2018 hall of famers

(Image from Getty Images)

Vladimir Guerrero: Vladimir is a Dominican born in 1975. He arrived to his first professional baseball try-out on a bicycle. He was wearing baseball shoes that didn’t match and one was so big he had to stuff it with socks so that it wouldn’t slip off. He was on the field for 5 minutes hitting, throwing and catching when the scouts told him he was finished. They signed him to a contract and now he’s in the Baseball Hall of Fame. So, how does this relate to recruiting talent?

  • When you got it, you got it
  • Don’t judge a book by it’s cover

Trevor Hoffman: Trevor was born in Bellflower, California in 1967. When he tried out to play professional baseball, he did so as a shortstop. However, after a few minutes of taking the infield, somebody told him he was terrible as a fielding shortstop and he was a weak hitter. They said if he was going to make it in the pros he might want to try pitching. He did and now he’s a Hall of Famer. What’s the hiring lesson here?

  • When interviewing people don’t be afraid to push a button that might upset them. It’s going to happen in their sales career anyway so you might as well find out how they are going to react. Will they absorb the challenge or get emotional?
  • Every candidate you interview and eventually hire is going to come with some warts. What you want to know is – are they coachable?

Chipper Jones: Chipper was born in 1972 in Deland, Florida and played his entire career with the Atlanta Braves. Chipper was the #1 MLB draft pick in 1990. As the story goes, the Braves were ready to make him an offer but his dad was encouraging Chipper to hold off because he could probably get more money from another team. Chipper told his dad that he wanted to be the #1 draft pick and that the money didn’t matter. He knew that he was going to be successful and that he would earn his ‘big’ money based on his performance rather than what another club thought he was worth today. Again, why is this important when hiring salespeople?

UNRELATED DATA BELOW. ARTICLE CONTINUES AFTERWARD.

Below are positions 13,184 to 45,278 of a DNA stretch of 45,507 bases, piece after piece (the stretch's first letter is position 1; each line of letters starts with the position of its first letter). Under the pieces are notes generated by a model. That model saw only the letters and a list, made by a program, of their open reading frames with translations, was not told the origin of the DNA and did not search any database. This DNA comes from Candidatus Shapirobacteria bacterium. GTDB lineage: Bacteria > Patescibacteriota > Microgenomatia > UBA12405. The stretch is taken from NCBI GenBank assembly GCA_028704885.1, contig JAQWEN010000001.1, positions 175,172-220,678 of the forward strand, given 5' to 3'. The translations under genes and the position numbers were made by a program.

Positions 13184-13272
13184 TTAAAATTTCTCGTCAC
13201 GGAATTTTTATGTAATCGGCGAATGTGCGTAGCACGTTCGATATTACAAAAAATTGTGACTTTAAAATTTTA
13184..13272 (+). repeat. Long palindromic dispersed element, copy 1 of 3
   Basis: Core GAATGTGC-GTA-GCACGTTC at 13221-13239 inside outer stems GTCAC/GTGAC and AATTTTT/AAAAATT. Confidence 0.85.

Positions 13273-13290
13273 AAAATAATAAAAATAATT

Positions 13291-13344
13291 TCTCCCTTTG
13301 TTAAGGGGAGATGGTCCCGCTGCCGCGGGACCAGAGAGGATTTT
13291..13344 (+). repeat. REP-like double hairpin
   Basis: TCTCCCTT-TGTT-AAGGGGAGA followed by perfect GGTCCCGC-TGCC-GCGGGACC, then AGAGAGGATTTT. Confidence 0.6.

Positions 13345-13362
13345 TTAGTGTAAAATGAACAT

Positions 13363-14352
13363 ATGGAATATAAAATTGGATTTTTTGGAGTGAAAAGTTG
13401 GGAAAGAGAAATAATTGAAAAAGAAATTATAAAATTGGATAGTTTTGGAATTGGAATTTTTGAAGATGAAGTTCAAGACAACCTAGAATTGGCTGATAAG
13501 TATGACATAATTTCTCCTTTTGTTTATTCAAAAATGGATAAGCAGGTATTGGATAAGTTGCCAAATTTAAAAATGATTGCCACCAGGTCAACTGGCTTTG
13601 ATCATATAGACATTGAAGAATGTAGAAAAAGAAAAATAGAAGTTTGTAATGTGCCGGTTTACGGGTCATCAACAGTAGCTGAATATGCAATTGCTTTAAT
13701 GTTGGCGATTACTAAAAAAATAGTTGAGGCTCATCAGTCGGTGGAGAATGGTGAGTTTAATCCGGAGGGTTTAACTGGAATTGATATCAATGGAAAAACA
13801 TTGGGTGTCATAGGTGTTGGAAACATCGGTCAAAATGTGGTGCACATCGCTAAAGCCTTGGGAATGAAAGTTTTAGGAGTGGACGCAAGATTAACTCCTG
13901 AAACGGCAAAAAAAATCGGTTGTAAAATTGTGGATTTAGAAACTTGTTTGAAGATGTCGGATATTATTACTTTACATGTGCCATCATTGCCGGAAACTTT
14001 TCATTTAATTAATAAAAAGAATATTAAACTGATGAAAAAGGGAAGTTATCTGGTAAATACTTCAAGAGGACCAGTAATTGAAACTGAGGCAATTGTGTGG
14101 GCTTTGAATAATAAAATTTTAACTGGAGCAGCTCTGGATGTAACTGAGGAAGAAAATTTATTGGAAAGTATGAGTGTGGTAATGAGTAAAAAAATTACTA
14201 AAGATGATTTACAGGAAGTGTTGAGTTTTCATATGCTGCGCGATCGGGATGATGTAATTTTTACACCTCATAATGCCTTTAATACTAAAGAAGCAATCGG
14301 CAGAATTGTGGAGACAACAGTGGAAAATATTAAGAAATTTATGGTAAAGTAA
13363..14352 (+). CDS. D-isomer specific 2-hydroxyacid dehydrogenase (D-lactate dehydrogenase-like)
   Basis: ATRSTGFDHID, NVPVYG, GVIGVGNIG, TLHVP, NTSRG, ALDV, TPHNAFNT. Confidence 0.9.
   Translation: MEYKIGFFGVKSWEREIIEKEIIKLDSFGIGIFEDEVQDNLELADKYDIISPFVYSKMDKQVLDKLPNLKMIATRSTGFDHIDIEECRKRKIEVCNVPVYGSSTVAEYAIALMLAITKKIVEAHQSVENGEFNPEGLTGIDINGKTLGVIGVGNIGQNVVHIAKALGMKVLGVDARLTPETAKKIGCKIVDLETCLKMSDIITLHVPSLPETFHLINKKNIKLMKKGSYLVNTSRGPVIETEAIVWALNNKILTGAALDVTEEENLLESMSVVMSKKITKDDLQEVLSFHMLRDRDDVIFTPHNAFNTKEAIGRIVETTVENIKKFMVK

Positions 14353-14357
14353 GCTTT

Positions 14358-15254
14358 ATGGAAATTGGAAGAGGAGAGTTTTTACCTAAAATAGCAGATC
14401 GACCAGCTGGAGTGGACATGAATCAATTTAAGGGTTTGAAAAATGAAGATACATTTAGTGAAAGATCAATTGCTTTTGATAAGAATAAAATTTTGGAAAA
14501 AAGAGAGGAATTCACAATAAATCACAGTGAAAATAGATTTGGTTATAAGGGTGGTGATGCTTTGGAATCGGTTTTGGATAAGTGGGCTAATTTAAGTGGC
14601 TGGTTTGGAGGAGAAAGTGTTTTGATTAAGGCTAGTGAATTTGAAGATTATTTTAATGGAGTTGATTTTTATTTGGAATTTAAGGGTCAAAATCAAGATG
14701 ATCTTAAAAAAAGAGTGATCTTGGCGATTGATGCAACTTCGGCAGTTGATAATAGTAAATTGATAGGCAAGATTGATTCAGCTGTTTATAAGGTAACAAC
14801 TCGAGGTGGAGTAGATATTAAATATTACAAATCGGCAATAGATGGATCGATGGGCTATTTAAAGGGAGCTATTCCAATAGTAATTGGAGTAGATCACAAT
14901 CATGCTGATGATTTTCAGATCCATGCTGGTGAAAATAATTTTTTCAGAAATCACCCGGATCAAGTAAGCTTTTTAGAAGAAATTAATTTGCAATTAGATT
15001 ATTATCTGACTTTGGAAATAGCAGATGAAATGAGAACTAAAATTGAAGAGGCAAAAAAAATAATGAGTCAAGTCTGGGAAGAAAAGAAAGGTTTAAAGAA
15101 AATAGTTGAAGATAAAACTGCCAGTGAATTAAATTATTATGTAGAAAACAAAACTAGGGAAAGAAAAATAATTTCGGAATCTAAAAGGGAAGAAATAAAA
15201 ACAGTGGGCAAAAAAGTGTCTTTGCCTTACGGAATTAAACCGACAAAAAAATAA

• You have to be patient. Just because it’s hard to find the right person, doesn’t mean you should hire one that is close. Close enough isn’t good enough (you already have some of those on your team and you don't need more).
  • Hire people that are willing to bet on themselves. Often recruiting managers, HR, and recruiters shy away from those that don’t exactly fit the pedigree. When interviewing and working the compensation into the hiring contract, be bold enough to challenge the candidate to put some money at risk. If they are as good as they think they are they will make up for it in spades in the long run.

There is nothing easy about hiring. If you listen to the stories of these recent inductees you will find that there was nothing easy about getting into the Hall of Fame. Congratulations to the 2018 MLB Baseball Hall of Fame Inductees: 

Chipper Jones

Vladimir Guerrero

Jim Thome

Trevor Hoffman

Jack Morris

Alan Trammell

Need more help hiring the best of the best? Download our free Recruiting Success Formula document and Interview Questions guide to improve your recruiting process, today!

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Also, click here to complete the Objective Management Group Hiring Mistake Calculator

Do You Have Sales Growth Problems? Solution #4: Create a Selection Criteria Checklist